Error of judgement is passé, Dr Roy, I have monumental blunders on my hand.

3. More recently, I was in the middle of writing Counterfeit, my most most-read weekly column on notional affairs. Two big corporate houses were warring over some goddamn national asset and I wanted to get to the bottom of things. Who better to get an insight from than the PR persons on both sides?

The first guy took me out to lunch and explained his client’s position. I was fully convinced he was right till the other PR took me out to lunch and explained her client’s position. I was convinced she was right too.

But I was two full, two convinced and too confused. So, I wrote about the food instead.

But then word got out. As you well know, our strict code of ethics lays down that a journalist can have only one free meal per topic. Fellow journalists were livid. But since nobody could prove quid pro quo, they pilloried me in public for being unethical and accused me in private of selling the profession cheap.

I am however convinced most of them were just jealous of the extra meal I managed…but that’s beside the point, the pillorying continued because they said “joh pakda gaya wahi chor”.

I had to take matters into my hand because the cat seemed to have gotten my channel’s tongue. I agreed to be grilled by my peers in full public glare. Four white haired gents turned up. For the first time the channel made a departure from the policy of not putting out any raw material on air and played the full unedited tape.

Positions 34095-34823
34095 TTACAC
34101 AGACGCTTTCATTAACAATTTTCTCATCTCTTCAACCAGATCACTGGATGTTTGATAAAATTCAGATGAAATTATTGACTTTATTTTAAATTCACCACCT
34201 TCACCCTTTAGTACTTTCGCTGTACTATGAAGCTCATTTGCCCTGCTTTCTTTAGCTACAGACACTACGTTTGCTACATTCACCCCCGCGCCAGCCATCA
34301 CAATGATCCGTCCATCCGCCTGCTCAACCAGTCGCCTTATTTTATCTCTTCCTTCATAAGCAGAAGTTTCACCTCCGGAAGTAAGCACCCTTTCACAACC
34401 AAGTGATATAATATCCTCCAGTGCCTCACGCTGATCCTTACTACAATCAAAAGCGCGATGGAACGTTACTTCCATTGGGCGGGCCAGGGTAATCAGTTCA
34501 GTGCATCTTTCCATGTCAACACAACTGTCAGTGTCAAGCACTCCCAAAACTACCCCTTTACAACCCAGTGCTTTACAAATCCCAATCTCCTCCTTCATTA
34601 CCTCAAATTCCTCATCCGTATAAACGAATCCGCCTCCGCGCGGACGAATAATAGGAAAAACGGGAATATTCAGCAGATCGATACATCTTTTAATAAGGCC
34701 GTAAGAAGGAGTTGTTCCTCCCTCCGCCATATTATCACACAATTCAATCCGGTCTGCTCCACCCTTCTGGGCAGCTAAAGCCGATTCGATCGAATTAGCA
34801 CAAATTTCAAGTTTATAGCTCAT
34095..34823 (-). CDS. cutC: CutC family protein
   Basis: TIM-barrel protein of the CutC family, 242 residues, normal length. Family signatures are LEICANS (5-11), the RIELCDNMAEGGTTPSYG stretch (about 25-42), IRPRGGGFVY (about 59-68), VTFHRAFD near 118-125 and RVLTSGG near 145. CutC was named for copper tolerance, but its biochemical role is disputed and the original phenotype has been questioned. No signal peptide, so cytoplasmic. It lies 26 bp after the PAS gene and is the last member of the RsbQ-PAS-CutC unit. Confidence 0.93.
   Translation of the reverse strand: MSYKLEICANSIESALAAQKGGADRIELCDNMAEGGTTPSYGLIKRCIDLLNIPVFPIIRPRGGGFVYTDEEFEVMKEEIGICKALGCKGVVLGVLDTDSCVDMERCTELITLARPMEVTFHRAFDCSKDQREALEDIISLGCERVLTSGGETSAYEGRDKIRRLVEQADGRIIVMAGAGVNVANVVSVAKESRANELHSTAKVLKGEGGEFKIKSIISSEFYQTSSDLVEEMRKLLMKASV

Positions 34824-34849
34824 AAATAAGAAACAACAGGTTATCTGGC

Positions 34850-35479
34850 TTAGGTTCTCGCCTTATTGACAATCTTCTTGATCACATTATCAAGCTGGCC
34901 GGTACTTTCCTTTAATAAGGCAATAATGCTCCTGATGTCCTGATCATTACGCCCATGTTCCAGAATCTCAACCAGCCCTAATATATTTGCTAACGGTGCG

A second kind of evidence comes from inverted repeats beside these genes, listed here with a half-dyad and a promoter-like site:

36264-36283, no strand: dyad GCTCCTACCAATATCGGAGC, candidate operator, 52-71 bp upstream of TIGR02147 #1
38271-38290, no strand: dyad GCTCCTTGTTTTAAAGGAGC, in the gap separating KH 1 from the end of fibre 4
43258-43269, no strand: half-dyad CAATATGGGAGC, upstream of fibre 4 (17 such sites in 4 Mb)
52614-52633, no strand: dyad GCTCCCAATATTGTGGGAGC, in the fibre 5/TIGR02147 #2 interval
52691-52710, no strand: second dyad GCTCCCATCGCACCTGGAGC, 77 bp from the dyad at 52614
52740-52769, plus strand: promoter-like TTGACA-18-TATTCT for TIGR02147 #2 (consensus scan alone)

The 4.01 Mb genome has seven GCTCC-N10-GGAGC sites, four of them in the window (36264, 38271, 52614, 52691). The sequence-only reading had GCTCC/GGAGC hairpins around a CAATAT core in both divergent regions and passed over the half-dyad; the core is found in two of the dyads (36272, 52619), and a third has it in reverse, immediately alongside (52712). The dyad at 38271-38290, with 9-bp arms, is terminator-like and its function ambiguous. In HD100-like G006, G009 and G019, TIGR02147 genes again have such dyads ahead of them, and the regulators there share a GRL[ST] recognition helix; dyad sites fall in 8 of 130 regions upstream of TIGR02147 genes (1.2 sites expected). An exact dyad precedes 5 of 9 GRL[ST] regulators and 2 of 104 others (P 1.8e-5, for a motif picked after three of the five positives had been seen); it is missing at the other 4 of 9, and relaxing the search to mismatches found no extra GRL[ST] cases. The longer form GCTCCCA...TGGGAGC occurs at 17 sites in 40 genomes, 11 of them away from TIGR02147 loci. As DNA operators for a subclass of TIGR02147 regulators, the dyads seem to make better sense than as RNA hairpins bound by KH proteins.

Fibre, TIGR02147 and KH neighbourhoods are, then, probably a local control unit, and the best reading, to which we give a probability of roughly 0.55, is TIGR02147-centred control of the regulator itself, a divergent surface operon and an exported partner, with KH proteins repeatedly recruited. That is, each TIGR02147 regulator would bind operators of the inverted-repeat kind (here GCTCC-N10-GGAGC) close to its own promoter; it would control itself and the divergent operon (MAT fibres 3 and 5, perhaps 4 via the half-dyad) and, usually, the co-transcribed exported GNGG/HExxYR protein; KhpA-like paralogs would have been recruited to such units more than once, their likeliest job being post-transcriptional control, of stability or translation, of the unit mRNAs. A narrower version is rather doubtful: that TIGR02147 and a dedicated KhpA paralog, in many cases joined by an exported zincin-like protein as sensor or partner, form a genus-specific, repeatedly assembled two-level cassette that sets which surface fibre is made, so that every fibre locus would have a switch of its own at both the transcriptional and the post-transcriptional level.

On air I made a clean breast of things.  “I may have been greedy, I may have been hungry, but nobody dare accuse me of corruption,” I said, clearly setting the contours of the debate. “But of course, it’s been a learning experience. Looking back now with all that one now knows about dirty lobbyists,  I have no hesitation in saying that it’s perhaps best to carry one’s own lunch box to work. I have since bought a Milton electric lunch box.”

“No journalist is lily white,” the oldest and gentlest of them all began, “I don’t know of many journalists who carry their tiffin to office….” but I cut him short.  ”Nobody is lily white but all that you will discuss is one spot on my kurta? Why only me,” I thundered. I wanted to punch all of them in their holier-than-thou faces but for form’s sake I just bit my dry lips and somehow held my temper and my hand.

Many close friends upbraided me for appearing on the show. They told me I looked angry, sounded pompous and arrogant. They advised me not to mention the incident in this application because it would look rather silly trying to get an important job on the evidence of this show.

But that is the point I’m trying to make, Dr Roy. I am silly. And I did not stumble on silliness, innocence and gullibility “inadvertently” after 16 years of blemish-less journalism.  I worked at it for 26 long years.

In other qualifications, I must point out that I am a damn good political reporter, even if I say so myself. In the thick of things such as the UPA’s cabinet formation, all kinds of people call me to carry messages to the Congress party. Sometimes there are problems of non-delivery such as that message I did not give Ghulam Nabi Azad but I believe, because I’m a good journalist, even if this were about the NDA forming its cabinet, I would still be a busy courier boy.

I would have loved to attach copies of my work as a political reporter but sadly, Dr Roy, I have none. That is because I have never reported politics.

I know, I know…that is not consistent with my claim to being a good political journalist. I was just stringing you along, Dr Roy.

When can I join?

Yours sincerely

B.V. Rao

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B.V. Rao is the editor of Governance Now, where this piece originally appeared

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Photograph: courtesy Governance Now